Changeset 13628


Ignore:
Timestamp:
10/13/11 05:05:20 (10 years ago)
Author:
Mark Evenson
Message:

Adjustments to voice and presentation in the manual.

File:
1 edited

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  • trunk/abcl/doc/manual/abcl.tex

    r13626 r13628  
    66\begin{document}
    77\title{A Manual for Armed Bear Common Lisp}
    8 \date{October 2, 2011}
     8\date{October 13, 2011}
    99\author{Mark~Evenson, Erik~Huelsmann, Alessio~Stalla, Ville~Voutilainen}
    1010
     
    2222\chapter{Running}
    2323
    24 ABCL is packaged as a single jar file usually named either
     24\textsc{ABCL} is packaged as a single jar file usually named either
    2525``abcl.jar'' or something like``abcl-0.28.0.jar'' if you are using a
    2626versioned package from your system vendor.  This byte archive can be
    2727executed under the control of a suitable JVM by using the ``-jar''
    2828option to parse the manifest, and select the named class
    29 (org.armedbear.lisp.Main) for excution:
     29(\code{org.armedbear.lisp.Main}) for excution:
    3030
    3131\begin{listing-shell}
     
    4747\section{Options}
    4848
    49 ABCL supports the following options:
     49ABCL supports the following command line options:
    5050
    5151\begin{verbatim}
     
    8888
    8989\section{ANSI Common Lisp}
    90 ABCL is currently a non-conforming ANSI Common Lisp implementation due
     90\textsc{ABCL} is currently a non-conforming ANSI Common Lisp implementation due
    9191to the following issues:
    9292
    9393\begin{itemize}
    94   \item Missing statement of conformance in accompanying documentation
    9594  \item The generic function signatures of the DOCUMENTATION symbol do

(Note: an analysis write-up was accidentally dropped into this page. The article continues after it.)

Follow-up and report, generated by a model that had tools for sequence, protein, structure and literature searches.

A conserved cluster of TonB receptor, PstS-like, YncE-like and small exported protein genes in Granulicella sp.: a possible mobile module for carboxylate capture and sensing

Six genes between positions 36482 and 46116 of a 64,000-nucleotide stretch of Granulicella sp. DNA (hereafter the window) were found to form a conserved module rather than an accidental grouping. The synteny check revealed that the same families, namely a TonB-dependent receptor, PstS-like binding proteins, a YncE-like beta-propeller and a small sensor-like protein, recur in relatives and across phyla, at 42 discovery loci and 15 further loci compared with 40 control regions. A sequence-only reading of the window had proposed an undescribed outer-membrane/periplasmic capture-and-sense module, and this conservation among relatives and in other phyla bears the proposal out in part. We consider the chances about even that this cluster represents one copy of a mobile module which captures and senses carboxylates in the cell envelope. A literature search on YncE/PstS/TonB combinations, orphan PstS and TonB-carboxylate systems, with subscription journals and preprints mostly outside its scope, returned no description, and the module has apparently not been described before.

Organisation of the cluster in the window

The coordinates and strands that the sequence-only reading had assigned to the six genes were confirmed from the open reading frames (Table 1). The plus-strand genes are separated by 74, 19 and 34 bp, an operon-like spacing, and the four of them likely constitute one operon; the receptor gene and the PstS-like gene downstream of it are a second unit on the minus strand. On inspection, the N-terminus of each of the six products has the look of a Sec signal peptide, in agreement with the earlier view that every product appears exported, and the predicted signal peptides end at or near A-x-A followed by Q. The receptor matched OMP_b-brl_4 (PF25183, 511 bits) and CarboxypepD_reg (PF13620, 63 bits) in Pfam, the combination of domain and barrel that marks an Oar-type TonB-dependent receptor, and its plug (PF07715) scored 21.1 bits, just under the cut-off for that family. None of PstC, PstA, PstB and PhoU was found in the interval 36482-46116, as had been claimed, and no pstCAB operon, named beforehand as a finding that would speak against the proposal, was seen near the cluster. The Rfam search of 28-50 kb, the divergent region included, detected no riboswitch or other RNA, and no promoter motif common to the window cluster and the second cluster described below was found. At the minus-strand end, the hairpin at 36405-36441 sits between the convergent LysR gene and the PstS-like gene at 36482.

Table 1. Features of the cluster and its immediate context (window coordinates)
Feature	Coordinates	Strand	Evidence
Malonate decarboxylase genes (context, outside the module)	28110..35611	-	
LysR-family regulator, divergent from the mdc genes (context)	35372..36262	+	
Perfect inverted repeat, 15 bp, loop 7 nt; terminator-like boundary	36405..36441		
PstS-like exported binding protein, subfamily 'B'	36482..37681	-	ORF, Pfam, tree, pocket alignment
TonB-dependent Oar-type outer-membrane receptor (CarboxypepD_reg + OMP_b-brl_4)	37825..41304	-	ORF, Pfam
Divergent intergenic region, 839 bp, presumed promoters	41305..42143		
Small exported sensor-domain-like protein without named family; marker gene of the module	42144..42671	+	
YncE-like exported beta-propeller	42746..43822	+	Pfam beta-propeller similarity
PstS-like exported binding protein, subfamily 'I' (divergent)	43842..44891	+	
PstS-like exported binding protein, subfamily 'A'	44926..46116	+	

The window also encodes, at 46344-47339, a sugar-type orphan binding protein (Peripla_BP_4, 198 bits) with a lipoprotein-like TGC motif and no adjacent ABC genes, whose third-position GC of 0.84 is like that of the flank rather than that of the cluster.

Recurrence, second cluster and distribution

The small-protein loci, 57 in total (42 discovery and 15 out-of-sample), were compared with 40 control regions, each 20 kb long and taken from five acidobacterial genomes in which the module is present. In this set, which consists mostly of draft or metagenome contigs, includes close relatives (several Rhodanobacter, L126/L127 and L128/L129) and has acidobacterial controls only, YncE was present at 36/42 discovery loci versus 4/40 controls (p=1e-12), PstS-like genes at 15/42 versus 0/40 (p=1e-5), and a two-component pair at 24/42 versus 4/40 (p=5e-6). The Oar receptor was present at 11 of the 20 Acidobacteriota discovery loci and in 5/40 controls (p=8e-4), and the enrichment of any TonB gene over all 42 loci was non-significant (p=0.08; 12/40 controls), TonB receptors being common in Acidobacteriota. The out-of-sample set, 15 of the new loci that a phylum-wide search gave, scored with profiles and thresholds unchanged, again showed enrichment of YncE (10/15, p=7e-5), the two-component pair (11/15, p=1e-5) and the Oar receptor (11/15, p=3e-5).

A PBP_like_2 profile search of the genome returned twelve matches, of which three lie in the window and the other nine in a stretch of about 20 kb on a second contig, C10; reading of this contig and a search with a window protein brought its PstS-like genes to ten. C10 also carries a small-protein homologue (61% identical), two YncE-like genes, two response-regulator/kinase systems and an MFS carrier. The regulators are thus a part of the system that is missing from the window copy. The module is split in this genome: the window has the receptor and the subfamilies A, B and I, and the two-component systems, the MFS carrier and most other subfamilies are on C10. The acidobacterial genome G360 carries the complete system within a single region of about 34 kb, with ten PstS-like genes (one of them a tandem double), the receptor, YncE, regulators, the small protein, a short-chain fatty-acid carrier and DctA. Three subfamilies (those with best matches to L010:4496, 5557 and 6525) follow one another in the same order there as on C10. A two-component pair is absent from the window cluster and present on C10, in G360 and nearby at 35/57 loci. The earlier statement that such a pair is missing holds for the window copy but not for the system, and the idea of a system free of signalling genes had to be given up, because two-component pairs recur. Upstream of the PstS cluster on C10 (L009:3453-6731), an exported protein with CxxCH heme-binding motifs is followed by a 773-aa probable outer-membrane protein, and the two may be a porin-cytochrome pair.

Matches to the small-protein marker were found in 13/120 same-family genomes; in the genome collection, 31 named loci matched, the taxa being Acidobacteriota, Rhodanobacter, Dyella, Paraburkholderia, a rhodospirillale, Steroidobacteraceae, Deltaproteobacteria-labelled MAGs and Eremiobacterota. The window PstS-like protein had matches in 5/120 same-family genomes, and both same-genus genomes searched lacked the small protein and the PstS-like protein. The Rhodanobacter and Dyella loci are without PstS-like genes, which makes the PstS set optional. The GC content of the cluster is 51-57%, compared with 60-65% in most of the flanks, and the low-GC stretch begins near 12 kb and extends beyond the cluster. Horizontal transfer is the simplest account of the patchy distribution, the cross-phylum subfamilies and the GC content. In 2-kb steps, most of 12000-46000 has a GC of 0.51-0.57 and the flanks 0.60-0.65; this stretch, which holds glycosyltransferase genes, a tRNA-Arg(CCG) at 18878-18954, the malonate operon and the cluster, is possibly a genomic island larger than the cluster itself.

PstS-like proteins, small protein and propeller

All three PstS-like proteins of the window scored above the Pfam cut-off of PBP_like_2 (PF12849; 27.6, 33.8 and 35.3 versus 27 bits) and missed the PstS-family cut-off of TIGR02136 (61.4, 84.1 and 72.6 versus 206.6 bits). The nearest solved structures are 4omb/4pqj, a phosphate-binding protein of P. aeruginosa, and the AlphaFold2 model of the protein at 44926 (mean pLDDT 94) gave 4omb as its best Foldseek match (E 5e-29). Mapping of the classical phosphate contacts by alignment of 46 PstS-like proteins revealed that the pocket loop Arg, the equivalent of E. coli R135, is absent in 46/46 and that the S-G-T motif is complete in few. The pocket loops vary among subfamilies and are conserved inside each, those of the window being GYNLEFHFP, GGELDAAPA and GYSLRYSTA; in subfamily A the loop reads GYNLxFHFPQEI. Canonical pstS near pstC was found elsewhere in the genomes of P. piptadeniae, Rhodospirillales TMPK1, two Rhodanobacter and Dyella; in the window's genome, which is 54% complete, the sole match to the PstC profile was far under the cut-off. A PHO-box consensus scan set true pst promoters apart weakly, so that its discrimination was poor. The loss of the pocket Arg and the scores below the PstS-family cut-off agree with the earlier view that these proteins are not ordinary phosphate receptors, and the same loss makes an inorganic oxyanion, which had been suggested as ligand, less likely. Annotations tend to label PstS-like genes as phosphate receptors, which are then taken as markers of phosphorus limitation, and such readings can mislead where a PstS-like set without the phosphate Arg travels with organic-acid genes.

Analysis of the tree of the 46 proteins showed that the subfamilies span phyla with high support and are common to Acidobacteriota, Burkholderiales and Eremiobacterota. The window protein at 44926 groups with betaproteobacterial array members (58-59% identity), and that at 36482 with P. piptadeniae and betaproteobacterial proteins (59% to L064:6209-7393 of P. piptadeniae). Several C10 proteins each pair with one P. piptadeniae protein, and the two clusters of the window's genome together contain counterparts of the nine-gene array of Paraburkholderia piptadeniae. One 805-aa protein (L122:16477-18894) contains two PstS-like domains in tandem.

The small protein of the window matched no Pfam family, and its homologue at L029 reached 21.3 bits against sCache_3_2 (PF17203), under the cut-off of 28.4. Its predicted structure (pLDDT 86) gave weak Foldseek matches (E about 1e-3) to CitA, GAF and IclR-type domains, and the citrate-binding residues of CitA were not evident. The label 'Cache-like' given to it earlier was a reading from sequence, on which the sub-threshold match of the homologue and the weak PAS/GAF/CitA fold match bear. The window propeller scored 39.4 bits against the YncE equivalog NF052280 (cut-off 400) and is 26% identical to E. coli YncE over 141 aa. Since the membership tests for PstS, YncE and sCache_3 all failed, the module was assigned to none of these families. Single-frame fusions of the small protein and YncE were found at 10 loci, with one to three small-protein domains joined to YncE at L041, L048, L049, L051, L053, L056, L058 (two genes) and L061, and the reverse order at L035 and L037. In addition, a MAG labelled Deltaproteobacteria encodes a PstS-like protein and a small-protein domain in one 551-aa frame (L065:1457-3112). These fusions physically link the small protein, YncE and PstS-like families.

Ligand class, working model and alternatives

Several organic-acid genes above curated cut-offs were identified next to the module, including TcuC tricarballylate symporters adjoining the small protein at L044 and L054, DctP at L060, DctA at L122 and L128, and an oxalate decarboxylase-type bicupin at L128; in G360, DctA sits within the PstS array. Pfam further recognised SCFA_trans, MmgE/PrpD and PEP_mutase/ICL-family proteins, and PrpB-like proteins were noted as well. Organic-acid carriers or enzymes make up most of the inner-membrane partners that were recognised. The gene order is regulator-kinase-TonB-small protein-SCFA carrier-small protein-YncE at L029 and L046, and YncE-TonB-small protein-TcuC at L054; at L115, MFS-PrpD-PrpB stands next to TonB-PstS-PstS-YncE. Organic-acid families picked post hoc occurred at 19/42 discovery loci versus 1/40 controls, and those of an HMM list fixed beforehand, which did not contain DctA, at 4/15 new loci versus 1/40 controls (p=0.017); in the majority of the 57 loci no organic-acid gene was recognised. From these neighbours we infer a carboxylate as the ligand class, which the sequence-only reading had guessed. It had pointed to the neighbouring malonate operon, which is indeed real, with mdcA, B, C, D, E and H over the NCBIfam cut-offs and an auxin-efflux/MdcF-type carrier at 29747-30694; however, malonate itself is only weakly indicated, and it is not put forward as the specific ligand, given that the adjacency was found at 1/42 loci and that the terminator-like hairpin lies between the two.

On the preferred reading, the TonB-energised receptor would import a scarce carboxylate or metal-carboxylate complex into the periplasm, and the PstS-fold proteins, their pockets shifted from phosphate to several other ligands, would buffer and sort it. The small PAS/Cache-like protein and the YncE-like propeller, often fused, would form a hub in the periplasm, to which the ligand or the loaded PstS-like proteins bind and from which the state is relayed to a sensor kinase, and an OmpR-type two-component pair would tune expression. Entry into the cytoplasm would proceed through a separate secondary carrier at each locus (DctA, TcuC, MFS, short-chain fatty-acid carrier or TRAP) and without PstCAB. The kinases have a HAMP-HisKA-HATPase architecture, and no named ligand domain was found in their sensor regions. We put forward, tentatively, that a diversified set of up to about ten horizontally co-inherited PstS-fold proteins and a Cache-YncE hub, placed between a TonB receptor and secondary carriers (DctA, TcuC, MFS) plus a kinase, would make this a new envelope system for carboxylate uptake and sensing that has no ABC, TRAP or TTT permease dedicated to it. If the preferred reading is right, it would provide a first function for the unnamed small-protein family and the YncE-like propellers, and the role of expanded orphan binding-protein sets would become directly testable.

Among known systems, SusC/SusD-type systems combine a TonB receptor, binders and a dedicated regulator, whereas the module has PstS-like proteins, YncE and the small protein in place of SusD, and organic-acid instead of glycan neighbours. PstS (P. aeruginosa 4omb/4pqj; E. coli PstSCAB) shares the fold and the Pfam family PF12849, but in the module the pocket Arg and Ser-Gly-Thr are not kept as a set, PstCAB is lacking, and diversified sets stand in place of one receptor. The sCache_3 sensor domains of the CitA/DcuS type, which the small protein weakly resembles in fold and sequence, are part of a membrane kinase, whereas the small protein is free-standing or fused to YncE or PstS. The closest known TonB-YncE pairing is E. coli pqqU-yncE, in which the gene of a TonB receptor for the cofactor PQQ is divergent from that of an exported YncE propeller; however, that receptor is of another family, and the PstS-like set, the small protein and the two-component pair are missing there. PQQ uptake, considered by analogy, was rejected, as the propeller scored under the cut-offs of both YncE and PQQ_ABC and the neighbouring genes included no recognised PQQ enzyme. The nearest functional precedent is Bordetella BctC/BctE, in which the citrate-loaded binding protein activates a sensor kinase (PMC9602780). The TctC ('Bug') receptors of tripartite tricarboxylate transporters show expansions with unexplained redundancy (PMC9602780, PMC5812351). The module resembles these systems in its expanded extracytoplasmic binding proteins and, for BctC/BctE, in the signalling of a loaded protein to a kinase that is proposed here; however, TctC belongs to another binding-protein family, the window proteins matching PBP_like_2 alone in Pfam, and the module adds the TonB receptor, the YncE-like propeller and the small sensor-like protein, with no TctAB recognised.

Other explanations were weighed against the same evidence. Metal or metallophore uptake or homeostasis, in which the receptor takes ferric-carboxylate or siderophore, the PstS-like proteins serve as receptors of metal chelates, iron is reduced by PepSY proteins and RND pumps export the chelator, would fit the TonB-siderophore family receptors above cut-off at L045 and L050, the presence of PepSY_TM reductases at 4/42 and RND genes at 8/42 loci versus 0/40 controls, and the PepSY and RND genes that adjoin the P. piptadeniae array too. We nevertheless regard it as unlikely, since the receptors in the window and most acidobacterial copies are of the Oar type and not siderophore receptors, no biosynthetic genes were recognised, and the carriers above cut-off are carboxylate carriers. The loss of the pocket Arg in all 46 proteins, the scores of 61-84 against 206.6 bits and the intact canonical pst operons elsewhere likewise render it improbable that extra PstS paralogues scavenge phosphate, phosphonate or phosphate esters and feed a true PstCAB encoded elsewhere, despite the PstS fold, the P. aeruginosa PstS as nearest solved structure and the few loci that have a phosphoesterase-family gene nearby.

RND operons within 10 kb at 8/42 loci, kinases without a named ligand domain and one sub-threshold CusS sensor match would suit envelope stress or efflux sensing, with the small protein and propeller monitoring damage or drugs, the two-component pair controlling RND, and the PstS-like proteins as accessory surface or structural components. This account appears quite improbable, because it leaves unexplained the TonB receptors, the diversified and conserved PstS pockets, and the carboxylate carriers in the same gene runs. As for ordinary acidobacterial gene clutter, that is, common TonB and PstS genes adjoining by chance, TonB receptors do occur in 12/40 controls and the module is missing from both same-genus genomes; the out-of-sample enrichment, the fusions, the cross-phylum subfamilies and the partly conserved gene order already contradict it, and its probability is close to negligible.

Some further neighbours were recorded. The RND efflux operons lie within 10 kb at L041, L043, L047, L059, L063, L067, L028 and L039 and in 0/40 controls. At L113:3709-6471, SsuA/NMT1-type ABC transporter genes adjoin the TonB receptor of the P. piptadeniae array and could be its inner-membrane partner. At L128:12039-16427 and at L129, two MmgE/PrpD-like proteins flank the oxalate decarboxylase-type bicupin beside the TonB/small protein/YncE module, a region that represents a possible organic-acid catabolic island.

9695    not match the CLHS.
     
    101100
    102101\section{Contemporary Common Lisp}
    103 In addition to ANSI conformance, ABCL strives to implement features
     102In addition to ANSI conformance, \textsc{ABCL} strives to implement features
    104103expected of a contemporary Common Lisp.
    105104\begin{itemize}
     
    124123\section{Lisp to Java}
    125124
    126 ABCL offers a number of mechanisms to interact with Java from
    127 its lisp environment. It allows calling methods (and static methods) of
    128 Java objects, manipulation of fields and static fields and construction
    129 of new Java objects.
    130 
    131 When calling Java routines, some values will automatically be converted
    132 by the FFI from Lisp values to Java values. These conversions typically
    133 apply to strings, integers and floats. Other values need to be converted
    134 to their Java equivalents by the programmer before calling the Java
    135 object method. Java values returned to Lisp are also generally converted
    136 back to their Lisp counterparts. Some operators make an exception to this
    137 rule and do not perform any conversion; those are the ``raw'' counterparts
    138 of certain FFI functions and are recognizable by their name ending with
    139 \code{-RAW}.
     125\textsc{ABCL} offers a number of mechanisms to interact with Java from its